Composting is the perfect solution for getting rid of food scraps while simultaneously enriching the soil of your garden. An outdoor composting setup is easy to use and even easier to maintain. Gardeners usually prefer an outdoor composting center to an indoor composting center for several reasons. In an outdoor scenario, gardeners need not worry as much about their composting unit attracting bugs. (Pests are much less annoying when they are not in your home.) However, many people don’t have the luxury of an outdoor garden area or even a patio. Small studio apartments are the norm in most urban areas today.
You Can Compost in an Apartment
Just because you are limited in space, a beginner to composting, or you don’t have an outdoor area in your living quarters, doesn’t mean you have to sacrifice your love of gardening. It does mean that you are going to need to get creative, though. Having a fully functional indoor garden and composting system in a studio apartment is not impossible.
Why You Should Compost in an Apartment
Even if you aren’t gardening, turning your food trash into compost is one of the most important things you can do for the environment. All that nitrogen in your food scraps turns into methane when lack of carbon means it can’t break down. That’s why almost one fifth of the world’s methane emissions come from landfills. Composting is simply doing your part to reduce the carbon footprint. Do it for the future-of our planet and our families.
Many gardeners swear by the benefits of composting, but when faced with the choice of composting inside of a studio apartment, some decide that it’s more trouble than it’s worth. Thankfully, a few brave gardeners decided to pave the way and try out indoor composting methods. By now, they’ve perfected systems that work wonderfully.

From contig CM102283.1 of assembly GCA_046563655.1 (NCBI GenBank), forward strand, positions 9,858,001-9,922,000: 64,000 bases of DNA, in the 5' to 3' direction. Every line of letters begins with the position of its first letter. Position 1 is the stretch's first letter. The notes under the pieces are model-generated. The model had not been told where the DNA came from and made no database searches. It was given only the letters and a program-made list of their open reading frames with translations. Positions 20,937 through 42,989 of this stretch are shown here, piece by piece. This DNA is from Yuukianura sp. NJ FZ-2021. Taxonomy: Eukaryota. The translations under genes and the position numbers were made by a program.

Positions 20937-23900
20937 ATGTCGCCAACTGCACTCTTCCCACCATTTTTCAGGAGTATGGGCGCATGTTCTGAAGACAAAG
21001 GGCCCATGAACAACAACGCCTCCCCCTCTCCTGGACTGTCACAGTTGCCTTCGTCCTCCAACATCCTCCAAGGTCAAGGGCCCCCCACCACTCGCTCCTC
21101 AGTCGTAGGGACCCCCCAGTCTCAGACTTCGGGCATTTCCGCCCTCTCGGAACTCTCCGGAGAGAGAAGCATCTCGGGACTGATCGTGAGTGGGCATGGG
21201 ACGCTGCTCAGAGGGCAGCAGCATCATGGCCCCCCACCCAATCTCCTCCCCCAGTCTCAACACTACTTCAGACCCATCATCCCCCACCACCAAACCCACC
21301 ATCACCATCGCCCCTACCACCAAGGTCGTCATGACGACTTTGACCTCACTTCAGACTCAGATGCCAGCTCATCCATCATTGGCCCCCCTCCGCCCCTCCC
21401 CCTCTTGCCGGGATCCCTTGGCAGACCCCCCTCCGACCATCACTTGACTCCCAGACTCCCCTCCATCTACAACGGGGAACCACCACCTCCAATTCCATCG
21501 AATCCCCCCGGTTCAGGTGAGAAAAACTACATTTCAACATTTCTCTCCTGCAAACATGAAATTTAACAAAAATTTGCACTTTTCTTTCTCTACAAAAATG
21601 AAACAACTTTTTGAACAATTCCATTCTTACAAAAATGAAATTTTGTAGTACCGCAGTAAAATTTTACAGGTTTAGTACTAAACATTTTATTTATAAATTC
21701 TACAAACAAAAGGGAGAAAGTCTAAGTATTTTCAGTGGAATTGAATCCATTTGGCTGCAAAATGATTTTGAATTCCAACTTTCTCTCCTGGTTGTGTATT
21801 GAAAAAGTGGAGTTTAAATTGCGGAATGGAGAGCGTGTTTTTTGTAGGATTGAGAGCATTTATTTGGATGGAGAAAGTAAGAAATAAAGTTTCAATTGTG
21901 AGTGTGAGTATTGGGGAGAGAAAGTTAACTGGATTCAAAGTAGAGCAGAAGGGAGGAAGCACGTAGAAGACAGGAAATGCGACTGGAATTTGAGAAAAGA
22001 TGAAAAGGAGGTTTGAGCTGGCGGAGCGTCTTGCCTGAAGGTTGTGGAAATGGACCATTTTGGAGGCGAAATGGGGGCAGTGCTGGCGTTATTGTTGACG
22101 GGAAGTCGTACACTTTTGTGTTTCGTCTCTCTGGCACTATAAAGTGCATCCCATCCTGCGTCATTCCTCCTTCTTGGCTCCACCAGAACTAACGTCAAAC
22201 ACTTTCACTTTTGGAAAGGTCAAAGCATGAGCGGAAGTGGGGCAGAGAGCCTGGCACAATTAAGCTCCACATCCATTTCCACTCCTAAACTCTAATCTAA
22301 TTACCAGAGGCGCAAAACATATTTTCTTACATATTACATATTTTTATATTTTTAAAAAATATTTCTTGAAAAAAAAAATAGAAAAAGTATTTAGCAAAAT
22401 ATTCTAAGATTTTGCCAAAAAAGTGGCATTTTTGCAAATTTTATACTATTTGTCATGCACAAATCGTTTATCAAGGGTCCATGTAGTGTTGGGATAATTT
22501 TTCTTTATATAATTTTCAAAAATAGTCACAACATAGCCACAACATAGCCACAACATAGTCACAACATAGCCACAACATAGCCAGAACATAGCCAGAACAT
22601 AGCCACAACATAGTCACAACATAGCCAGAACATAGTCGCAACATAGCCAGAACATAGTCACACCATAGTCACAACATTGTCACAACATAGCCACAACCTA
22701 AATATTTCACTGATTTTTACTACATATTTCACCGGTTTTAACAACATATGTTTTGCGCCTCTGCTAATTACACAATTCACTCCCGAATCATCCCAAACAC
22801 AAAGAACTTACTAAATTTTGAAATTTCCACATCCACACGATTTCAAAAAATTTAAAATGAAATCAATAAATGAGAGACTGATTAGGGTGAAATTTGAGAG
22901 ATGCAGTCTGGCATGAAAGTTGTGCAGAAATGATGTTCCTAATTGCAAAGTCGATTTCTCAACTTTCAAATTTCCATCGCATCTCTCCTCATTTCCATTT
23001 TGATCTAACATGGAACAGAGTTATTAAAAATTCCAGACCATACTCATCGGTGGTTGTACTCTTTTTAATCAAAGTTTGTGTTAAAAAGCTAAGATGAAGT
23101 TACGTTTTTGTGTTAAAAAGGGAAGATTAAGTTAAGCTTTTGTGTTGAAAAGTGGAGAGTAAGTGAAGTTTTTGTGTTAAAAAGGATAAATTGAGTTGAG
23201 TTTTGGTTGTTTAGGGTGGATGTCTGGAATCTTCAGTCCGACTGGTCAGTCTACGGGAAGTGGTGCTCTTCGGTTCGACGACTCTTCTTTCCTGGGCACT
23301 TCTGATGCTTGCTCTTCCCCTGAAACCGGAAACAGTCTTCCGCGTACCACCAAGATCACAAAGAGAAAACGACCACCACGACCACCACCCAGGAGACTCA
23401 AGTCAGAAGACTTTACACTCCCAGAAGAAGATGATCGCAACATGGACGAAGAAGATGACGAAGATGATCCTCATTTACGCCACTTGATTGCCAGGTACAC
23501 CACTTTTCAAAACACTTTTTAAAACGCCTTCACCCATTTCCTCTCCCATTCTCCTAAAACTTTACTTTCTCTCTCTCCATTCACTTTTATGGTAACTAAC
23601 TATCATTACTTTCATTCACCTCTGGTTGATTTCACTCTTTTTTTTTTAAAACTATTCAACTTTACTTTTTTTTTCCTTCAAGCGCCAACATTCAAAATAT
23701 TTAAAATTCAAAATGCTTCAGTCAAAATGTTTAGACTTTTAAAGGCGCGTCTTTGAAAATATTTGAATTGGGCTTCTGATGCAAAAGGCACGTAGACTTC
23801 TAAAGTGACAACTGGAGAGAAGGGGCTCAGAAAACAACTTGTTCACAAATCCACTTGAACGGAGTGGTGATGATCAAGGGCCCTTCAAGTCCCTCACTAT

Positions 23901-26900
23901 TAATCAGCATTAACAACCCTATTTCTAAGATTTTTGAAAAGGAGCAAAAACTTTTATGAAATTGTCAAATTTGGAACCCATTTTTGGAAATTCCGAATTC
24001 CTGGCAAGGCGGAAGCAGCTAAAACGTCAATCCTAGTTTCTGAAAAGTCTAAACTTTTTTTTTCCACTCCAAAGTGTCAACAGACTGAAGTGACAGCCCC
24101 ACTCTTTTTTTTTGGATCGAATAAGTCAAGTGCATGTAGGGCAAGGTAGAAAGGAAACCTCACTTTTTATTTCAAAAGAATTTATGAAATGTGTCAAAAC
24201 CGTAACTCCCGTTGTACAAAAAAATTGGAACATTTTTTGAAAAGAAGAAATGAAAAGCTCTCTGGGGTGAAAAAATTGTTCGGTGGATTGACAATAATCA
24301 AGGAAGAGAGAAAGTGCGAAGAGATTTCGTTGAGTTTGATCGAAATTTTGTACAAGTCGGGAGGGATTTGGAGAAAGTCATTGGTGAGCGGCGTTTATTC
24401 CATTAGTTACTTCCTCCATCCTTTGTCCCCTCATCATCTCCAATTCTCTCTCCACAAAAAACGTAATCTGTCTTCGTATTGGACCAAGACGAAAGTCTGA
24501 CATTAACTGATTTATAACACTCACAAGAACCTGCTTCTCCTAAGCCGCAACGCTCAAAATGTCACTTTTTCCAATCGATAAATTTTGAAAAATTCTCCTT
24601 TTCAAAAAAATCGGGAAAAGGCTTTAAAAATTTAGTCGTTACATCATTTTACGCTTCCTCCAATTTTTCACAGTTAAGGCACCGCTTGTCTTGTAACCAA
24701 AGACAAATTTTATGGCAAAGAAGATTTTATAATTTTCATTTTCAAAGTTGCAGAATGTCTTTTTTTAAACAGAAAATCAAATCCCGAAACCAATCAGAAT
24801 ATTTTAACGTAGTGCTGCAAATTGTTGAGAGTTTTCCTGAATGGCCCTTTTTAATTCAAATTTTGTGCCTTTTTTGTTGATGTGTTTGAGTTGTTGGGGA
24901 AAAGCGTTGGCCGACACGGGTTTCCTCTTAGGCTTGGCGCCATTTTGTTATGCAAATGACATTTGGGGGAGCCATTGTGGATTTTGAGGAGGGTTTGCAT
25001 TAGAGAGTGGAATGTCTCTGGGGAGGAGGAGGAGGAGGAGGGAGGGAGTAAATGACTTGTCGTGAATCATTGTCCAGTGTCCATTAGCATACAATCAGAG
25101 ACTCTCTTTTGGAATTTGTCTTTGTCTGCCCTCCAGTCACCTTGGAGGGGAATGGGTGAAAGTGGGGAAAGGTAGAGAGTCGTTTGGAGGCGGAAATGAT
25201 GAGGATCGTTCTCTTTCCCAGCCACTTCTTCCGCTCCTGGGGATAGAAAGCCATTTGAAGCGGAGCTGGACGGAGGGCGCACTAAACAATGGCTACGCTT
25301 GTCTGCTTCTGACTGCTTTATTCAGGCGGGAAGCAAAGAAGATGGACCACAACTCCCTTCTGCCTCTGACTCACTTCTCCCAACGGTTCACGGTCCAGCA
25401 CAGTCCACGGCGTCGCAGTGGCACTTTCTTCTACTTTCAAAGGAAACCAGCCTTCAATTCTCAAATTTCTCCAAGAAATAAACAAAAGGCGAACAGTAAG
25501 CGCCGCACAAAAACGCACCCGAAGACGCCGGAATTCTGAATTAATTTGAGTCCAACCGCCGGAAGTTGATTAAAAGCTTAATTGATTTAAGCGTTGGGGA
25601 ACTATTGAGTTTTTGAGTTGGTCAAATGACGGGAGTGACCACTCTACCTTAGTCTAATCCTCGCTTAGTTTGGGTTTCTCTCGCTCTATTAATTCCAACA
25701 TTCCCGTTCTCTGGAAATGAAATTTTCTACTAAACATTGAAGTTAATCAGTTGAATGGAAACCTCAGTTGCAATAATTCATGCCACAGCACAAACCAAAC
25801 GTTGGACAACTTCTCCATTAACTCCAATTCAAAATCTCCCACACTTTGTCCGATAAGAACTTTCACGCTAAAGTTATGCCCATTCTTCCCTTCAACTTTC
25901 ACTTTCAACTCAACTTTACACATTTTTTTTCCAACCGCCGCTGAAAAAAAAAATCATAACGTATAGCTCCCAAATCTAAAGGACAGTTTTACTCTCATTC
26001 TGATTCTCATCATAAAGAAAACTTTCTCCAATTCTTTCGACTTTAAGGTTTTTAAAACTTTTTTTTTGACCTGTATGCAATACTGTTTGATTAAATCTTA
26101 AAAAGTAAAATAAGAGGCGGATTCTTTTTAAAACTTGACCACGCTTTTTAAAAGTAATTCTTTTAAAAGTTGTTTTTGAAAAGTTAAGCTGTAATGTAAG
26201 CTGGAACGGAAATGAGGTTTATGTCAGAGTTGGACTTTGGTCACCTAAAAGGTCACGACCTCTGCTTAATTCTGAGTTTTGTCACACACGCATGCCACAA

Using The Worm Bin in an Apartment
A worm bin is probably the most common setup for indoor composting because it is both efficient and easy to maintain. A large plastic container with two lids and a drill for cutting ventilation holes are all the supplies you need to make the bin itself.
To watch the magic happen, collect your compost materials. Paper, food scraps, soil, water, and worms will be all you need to fill it up and watch the magic happen. Cut or drill holes in the top of your selected composting container for ventilation. (A large storage bin or Tupperware is perfect for the job.) Add holes to the bottom of your container as well to provide drainage and help keep your compost dry.Use the extra lid under the container to catch any drainage so it doesn’t soak your carpets or damage your floors.
In order for the compost mixture to thrive, you will need a healthy and balanced mix of nitrogen and carbon. Gardeners recommend a one to one ratio of these materials, which they often refer to as “greens” (nitrogen) and “browns” (carbon). As you create your worm bin, for the carbon element, use paper scraps, dried leaves, cardboard, old bills or receipts, and newspapers. The nitrogen part of the mixture includes the food scraps and kitchen trash you would otherwise throw away. Check out this YouTube video for creating an indoor compost bin.
After you have the holes drilled in the top and bottom of the container, make a bedding for the worms by tearing strips of natural paper-that means paper that is not dyed or bleached and has no ink printed on it. Soak the paper strips in a bit of water.